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IT is good of the Minister of Finance Abdul Wahab Al-Rasheed to declare that he will not bow to terror, and that he will stand firm and principled. It is better for him to work according to the interests of the country, and not to be subject to any parliamentary blackmail or government pressure.
However, when the S&P Global Ratings announced in its latest report that “the government is about to exhaust the liquidity of the General Reserve Fund and has not yet reached an agreement with the National Assembly on a comprehensive strategy for financing the budget deficit, which represents financing risks for the state, especially if the oil prices fall”, this is the challenge for the specialized minister to work on in order to reduce the public budget deficit, which the agency considered as “the highest in the world in the absence of a comprehensive financing strategy”.
This report is a wake-up call that must be heard well. The government should not bury its head in the sand, and argue that the parliament is obstructing its work. Kuwait does not really suffer from a deficit due to lack of income, but rather it suffers from waste due to the large number of laws approved by parliamentarians to buy votes.
Because of this, the financial deficit will remain on the rise as long as the subsidy system continues. Therefore, if the minister has the right to suggest that it be lifted from all goods and services, then he has the right to suggest insisting on passing the public debt law and imposing taxes. By the way, this is a constitutional matter. In return, he has to put appropriate plans to compensate low-income people, not just by raising their salaries, but also by setting a minimum wage.
On the other hand, there are a lot of waste gutters that successive governments have not noticed, including leasing the untapped industrial and white state lands, the value of which reaches more than KD 200 billion, according to some studies. They can be sold to investors in installments for over 10 or 20 years, and employ their sukuk by borrowing from local or foreign banks, with the guarantee of the state.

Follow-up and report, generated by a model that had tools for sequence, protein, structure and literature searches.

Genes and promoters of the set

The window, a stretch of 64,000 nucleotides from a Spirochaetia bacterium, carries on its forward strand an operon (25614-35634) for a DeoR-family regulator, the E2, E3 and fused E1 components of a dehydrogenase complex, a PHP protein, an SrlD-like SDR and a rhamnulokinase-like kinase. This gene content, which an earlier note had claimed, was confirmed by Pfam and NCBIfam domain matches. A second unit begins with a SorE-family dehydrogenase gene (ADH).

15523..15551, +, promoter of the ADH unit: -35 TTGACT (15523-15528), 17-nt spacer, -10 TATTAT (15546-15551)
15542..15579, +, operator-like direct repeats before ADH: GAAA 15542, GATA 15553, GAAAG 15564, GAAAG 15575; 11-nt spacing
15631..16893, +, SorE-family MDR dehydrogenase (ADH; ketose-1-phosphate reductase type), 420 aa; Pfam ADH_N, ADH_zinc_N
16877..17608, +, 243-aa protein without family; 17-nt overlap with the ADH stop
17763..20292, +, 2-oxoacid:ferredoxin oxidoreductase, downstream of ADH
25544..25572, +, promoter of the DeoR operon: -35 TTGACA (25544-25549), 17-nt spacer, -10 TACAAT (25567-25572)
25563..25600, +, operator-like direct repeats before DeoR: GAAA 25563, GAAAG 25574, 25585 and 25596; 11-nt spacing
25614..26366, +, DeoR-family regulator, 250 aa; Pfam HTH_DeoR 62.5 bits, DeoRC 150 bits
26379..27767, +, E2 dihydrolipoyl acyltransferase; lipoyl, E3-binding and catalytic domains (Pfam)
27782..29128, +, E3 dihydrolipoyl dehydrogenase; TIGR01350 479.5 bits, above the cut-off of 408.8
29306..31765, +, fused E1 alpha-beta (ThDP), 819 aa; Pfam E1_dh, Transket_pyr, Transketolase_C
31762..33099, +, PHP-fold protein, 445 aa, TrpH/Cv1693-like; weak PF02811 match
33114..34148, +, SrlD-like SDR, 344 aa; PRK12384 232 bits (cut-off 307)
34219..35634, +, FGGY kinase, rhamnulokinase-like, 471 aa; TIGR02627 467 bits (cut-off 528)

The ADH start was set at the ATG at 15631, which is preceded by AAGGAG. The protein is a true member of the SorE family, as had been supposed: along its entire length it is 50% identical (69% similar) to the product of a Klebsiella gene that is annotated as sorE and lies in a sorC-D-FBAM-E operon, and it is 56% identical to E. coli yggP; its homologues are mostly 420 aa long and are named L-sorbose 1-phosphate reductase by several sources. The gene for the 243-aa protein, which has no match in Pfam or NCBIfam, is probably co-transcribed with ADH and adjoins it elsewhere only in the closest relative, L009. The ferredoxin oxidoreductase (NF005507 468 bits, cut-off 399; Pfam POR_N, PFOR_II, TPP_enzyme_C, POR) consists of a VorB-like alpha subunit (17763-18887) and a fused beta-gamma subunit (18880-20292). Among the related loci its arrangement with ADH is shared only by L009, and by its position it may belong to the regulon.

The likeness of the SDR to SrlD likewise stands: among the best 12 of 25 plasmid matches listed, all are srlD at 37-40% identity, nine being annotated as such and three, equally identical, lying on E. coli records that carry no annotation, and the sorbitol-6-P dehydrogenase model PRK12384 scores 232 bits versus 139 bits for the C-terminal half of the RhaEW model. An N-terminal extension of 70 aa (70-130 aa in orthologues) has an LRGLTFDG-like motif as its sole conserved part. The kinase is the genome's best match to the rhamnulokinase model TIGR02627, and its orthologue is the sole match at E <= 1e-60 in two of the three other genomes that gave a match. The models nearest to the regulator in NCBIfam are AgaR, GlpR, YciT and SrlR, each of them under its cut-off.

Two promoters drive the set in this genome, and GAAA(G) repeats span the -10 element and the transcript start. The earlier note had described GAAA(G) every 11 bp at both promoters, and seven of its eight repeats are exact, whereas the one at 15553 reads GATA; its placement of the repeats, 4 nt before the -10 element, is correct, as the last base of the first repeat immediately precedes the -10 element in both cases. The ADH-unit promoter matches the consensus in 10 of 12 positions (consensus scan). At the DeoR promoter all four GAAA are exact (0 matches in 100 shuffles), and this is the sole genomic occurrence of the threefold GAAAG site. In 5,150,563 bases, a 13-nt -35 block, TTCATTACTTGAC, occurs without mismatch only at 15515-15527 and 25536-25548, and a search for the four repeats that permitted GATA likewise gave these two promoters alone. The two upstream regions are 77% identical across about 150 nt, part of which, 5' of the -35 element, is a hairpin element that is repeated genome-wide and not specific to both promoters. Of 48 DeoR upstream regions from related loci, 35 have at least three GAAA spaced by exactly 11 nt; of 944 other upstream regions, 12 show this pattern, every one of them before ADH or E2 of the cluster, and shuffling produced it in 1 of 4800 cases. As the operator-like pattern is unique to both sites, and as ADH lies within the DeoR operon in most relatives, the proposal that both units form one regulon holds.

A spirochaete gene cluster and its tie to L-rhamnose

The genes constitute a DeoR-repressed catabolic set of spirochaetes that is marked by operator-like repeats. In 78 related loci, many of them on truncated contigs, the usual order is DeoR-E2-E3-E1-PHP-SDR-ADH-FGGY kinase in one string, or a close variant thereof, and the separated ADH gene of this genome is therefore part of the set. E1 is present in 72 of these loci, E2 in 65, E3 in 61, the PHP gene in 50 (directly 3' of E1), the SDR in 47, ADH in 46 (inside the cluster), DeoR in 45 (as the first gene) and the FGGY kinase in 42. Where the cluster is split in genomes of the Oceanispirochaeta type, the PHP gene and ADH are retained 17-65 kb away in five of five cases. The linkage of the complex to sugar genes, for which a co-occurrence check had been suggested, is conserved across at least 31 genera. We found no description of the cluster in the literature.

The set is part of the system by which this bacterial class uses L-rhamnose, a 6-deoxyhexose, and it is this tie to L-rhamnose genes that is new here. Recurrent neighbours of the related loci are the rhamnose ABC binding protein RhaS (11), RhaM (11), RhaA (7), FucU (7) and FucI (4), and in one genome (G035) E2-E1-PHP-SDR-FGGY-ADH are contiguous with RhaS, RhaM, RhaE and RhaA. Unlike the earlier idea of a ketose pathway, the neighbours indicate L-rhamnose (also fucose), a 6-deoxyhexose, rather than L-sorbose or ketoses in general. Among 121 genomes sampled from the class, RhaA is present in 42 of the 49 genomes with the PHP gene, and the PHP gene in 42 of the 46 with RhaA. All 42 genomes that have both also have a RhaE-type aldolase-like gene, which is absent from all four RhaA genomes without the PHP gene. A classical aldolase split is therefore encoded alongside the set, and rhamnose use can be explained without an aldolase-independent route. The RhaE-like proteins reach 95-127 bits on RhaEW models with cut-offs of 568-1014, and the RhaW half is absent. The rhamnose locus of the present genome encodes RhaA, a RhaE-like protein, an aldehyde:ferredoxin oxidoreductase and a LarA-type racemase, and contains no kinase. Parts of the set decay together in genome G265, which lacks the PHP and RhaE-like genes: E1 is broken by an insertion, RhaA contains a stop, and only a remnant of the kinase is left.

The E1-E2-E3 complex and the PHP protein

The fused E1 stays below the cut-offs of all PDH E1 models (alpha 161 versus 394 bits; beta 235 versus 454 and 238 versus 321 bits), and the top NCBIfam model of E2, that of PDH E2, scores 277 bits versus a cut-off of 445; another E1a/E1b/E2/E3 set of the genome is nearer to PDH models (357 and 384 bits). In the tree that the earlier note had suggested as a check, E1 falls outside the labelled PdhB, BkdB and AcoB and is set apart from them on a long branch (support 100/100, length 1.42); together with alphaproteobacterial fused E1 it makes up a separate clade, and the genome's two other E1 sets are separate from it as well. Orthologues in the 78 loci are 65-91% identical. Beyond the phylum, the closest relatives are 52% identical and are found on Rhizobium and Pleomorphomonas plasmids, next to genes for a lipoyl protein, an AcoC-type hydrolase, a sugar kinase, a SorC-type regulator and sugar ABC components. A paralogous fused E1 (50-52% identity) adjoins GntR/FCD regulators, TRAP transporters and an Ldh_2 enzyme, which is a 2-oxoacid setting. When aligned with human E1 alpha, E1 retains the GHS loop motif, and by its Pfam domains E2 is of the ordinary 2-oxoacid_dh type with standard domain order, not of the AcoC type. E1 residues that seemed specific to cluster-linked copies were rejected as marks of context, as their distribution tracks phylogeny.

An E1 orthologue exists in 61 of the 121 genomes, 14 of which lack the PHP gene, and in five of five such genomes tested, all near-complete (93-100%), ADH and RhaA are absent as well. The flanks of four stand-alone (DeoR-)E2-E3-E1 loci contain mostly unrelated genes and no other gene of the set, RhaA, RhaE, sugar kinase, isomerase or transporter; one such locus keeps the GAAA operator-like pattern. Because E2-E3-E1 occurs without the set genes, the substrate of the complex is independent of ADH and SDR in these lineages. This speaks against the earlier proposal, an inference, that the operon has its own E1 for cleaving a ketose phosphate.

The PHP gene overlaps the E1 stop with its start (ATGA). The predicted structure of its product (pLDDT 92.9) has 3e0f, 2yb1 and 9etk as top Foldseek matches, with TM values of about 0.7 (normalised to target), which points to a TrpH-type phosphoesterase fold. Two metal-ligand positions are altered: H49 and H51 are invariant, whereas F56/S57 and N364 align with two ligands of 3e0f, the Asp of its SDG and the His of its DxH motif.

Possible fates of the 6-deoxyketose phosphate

These lands are currently being used in the worst possible manner. Indeed, investors pay crumbs to the state, while they get millions from them. They can even be developed into investment attractions.
The Minister of Finance can also develop a practical strategy to solve the housing problem, which is aggravating day by day. On the other hand, other countries solved this problem years ago, including Morocco, Egypt, Saudi Arabia, the United Arab Emirates and Bahrain. They no longer face a problem in this matter, but rather saved many billions. In addition, they ensured that applicants of housing care obtain their right in the future through the flexible laws that were approved.
All this can be proposed by the Minister of Finance and worked on. If he finds any obstacles from the parliament, he can either propose to the government to file a letter of no-cooperation, and close it for a few years, or he can resign and announce to the people the reason for his resignation and the one responsible for impeding him from performing his duties.
The Minister of Finance is one of the well-known experts in financial affairs. Therefore, it is important that he should not take his presence in the ministry as temporary, but rather he must make every effort to get the country out of the financial impasse, and not leave Kuwait empty.
He should focus on the contents of the S&P Global Ratings report, as per which “the negative outlook of the rating reflects the risks over the next 12 to 24 months regarding the government’s ability to overcome institutional obstacles that prevent it from implementing a strategy to finance the budget deficit in the future”. He must then work on developing necessary solutions.
Will Abdul Wahab Al-Rasheed take up the challenge and succeed in the confrontation? Or will he lock himself inside his office and remain silent like his boss?
By Ahmed Al-Jarallah
Editor-in-Chief, the Arab Times